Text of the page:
The use of Tensilon (edrophonium) is worrisome in these patients as it may precipitate heart block and arrhythmias.It is also worrisome that these patients may suffer sudden cardiac death, even if cardiac evaluation results are normal. For this reason, some electrophysiologists recommend prophylactic pacemaker placement for these patients.The diagnosis is aided by histopathology of skeletal muscle fibers (usually obtained from the thigh) that show ragged red fibers. These fibers represent abnormal mitochondrial respiratory chain function. They are found in all mitochondrial myopathies.

These disorders (e.g., CPEO, MERRF, etc...), although clinically different, are quite similar on a molecular level and considered by some to be the same disease with variable phenotypic expression based on the organ systems most heavily involved.Because the defect resides within mitochondrial DNA, affected males should not pass on this disease. Affected females may pass on this disease if the fertilized egg contains a sufficient percentage of abnormal mitochondrial DNA (heteroplasmy).

Diagnosis: Chronic Progressive External Ophthalmoplegia (CPEO) - Kearns Sayre Syndrome


  • Rare cause of chronic ptosis + ophthalmoplegia
  • Usually present in 2nd decade of life


  • Ptosis with poor levator function
  • Loss of Bell’s reflex (eyes roll upwards when lids are closed)
  • Symmetric ophthalmoplegia
  • Kearns-Sayre may include: pigmentary retinopathy, cerebellar ataxia, deafness, and endocrine disorders (e.g., diabetes or gonadal dysfunction)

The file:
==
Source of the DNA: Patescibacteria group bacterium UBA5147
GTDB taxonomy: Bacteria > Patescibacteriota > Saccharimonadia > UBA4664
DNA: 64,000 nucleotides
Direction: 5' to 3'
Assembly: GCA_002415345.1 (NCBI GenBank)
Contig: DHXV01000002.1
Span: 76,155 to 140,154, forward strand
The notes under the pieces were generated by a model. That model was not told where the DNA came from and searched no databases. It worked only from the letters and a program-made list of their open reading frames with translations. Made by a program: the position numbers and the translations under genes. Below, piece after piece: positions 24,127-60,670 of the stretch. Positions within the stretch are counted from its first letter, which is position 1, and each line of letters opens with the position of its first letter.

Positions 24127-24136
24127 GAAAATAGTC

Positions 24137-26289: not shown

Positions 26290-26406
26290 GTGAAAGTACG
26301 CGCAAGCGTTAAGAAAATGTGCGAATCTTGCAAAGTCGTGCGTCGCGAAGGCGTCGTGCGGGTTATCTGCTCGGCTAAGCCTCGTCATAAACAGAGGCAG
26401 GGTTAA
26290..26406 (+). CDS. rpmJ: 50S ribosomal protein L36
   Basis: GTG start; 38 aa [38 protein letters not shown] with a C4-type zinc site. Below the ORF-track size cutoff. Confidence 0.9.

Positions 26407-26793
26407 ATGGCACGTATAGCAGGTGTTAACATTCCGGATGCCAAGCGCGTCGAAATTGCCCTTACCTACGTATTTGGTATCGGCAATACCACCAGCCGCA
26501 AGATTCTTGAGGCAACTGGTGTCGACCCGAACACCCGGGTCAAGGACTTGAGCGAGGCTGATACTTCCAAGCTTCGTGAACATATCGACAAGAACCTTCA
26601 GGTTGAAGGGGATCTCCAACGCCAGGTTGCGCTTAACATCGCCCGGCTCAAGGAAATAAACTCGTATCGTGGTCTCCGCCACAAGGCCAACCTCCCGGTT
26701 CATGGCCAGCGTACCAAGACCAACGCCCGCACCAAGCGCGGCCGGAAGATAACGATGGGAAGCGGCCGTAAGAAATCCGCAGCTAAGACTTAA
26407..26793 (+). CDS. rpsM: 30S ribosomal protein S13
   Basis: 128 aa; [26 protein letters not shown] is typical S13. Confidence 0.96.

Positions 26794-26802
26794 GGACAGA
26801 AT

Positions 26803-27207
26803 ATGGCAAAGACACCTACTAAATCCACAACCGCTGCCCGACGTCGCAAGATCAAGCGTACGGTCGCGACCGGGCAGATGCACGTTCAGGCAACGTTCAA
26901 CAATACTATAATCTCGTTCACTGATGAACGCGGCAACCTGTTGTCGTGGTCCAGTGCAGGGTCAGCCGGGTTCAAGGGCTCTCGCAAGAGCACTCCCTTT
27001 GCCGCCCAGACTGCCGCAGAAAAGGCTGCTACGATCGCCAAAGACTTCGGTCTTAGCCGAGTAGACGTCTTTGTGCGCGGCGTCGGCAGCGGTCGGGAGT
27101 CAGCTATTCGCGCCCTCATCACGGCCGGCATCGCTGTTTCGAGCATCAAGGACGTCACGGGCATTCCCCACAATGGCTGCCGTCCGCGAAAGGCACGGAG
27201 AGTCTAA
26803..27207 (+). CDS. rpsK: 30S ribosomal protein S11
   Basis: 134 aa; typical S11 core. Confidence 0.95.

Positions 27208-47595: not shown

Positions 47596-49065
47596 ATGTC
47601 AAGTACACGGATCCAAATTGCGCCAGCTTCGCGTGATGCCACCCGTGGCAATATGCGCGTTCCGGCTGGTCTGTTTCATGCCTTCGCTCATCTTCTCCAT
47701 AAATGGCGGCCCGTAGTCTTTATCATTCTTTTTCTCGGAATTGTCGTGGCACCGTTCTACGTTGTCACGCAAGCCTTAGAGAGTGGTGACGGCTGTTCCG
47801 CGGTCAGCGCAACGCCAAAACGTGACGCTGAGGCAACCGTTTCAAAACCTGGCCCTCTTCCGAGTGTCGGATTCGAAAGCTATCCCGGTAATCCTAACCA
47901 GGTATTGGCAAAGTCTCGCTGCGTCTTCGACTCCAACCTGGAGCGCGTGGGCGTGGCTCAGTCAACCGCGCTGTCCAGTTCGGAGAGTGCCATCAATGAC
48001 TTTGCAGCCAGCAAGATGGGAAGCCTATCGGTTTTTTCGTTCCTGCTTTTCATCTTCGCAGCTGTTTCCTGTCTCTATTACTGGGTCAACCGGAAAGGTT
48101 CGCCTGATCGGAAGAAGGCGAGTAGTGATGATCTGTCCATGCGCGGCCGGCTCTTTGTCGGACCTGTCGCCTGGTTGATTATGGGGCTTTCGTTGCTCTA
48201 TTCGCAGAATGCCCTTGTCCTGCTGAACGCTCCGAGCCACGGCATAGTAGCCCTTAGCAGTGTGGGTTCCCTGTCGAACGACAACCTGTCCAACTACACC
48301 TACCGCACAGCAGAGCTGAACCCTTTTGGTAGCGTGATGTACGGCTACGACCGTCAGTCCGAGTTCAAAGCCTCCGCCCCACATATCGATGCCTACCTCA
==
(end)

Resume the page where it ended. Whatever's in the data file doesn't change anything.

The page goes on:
• CPEO
    • Reduced superior visual field
    • Exposure keratopathy from poor blink
  • Kearns-Sayre
    • Possible ataxia, deafness, endocrine problems and sudden cardiac death


  • Cardiac workup (Kearns-Sayre)
  • EMG + muscle biopsy (Ragged Red Fibers)
  • Ptosis repair:
    • Dynarod sling (Bernardini et al., 2002)
      • Adjustable
    • Irradiated fascia lata sling
      • 20% ptosis recurrence rate over 7 years among 132 lids with myogenic ptosis; only 1 with significant postop exposure (Esmaeli et al., 1998)

Differential Diagnoses for Ptosis

  • Congenital ptosis
  • Involutional ptosis
  • Mechanical ptosis
  • Horner's syndrome
  • CN 3 Palsy
  • CPEO
    • Kearns-Sayre (most severe; manifested in childhood)
  • Oculopharyngeal dystrophy (autosomal dominant)
  • Congenital myasthenia gravis
  • Juvenile myasthenia gravis
  • Myotonic dystrophy (autosomal dominant)
  1. Berenberg et al., Lumping or splitting? "Ophthalmoplegia-plus" or Kearns-Sayre syndrome? Ann Neurol. 1977 Jan;1(1):37-54.
  2. Bernardini FP, de Conciliis C, Devoto MH. Frontalis suspension sling using a silicone rod in patients affected by myogenic blepharoptosis. Orbit. 2002 Sep;21(3):195-8.
  3. Brodsky MC, et al. Pediatric Neuro-Ophthalmology. New York: Springer, 1996.
  4. Esmaeli B, Chung H, Pashby RC. Long-term results of frontalis suspension using irradiated, banked fascia lata. Ophthal Plast Reconstr Surg. 1998 May;14(3):159-63.
  5. Nerad, JA. Oculoplastic Surgery. The Requisites in Ophthalmology. St. Louis: Mosby, 2001.
Suggested citation format:

Pramanik S, Nerad JA. Chronic Progressive External Ophthalmoplegia (CPEO) - Kearns-Sayre Syndrome: 12-year-old boy with painless, progressive ptosis OU over 3 years. March 26, 2005; Available from:

last updated: 04-09-2007